ISIKOFF: Yes, I mean, there-I mean, there are so many weird things about Blagojevich on this tape and you got to wonder how delusional he was, and you know-you know, really, how sort of off his rocker he was to be talking the way he was.

But one can presume-I think the government presumes-that there was such an emissary. They presumably, by this point, know who it is. The question is, What is that emissary going to say, and why he was offering the money? We have to take Jesse Jackson, Jr., at his word. He says he knew nothing about this. So somebody-if Jesse Jackson, Jr., is telling the truth, and we have no reason at this point to question that. Somebody without his knowledge was offering up to put up a lot of money to get Jesse Jackson, Jr., the seat. The question would be why?

MATTHEWS: And your question you raised to me before we went on the air is not just did he ever authorize an emissary to offer a half million dollars-Jesse Jackson, Jr.-or offer a million dollars to get this Senate seat, did he authorize anybody to be his emissary in relationship to Blagojevich? Because he made a point-Christopher Christie, you were a prosecutor. You know about these cases. Where is this headed, this case right now, as you watch it?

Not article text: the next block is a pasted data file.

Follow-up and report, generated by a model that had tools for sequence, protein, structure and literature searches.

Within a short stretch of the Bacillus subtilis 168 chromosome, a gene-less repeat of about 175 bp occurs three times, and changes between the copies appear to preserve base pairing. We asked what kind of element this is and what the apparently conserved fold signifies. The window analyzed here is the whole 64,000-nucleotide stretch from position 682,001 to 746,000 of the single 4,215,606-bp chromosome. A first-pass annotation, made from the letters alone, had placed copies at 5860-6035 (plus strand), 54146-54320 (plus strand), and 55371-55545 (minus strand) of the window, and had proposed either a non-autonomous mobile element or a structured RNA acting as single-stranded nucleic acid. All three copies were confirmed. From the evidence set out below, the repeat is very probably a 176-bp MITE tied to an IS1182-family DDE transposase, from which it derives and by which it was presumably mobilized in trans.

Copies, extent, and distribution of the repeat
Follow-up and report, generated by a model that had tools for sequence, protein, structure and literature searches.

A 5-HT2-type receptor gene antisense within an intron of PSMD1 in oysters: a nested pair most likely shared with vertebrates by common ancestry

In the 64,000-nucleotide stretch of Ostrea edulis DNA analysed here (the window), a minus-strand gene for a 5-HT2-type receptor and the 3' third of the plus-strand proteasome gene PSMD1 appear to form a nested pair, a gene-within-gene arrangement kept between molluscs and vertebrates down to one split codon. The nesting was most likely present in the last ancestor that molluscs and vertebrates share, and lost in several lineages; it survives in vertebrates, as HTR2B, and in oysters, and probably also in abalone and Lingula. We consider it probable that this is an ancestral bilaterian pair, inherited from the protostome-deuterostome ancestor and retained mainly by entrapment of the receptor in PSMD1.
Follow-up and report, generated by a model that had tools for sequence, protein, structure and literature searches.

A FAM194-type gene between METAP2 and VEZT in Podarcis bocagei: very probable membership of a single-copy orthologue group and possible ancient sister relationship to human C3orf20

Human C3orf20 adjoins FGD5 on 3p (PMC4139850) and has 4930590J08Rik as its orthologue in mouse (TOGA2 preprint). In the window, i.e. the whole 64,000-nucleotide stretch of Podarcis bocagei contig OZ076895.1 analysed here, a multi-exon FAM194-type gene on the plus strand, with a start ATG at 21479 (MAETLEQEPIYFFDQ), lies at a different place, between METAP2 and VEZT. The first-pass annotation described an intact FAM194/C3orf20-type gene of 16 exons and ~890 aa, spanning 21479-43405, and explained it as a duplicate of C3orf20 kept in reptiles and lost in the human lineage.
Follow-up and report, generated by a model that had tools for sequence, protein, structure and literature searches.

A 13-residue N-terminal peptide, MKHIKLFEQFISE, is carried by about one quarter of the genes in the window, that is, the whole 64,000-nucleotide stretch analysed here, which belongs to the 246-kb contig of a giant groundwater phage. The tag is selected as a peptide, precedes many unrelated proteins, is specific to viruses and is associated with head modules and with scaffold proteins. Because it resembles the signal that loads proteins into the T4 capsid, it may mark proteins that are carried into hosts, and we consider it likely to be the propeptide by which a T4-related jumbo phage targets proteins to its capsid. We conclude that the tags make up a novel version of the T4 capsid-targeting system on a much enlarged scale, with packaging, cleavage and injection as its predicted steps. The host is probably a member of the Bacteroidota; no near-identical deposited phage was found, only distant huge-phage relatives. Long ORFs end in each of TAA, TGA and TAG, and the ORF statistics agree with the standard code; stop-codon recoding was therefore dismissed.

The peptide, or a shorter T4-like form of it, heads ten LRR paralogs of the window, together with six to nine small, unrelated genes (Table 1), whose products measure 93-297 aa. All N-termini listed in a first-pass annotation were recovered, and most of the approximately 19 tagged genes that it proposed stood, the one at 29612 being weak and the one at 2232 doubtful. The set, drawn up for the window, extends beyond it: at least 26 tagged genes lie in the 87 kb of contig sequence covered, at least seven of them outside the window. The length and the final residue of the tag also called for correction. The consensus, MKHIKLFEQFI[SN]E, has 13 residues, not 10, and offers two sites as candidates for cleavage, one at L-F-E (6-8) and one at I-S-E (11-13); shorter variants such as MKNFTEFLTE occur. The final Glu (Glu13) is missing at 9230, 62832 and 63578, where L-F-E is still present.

CHRISTOPHER CHRISTIE, FORMER U.S. ATTORNEY: Well, it's headed in a bunch of different directions. I think the first thing, as a U.S. attorney who did a lot of corruption cases in New Jersey, Pat Fitzgerald had to have taken this case when he did because he thought something even worse was going to happen, that perhaps an appointment of a senator was imminent.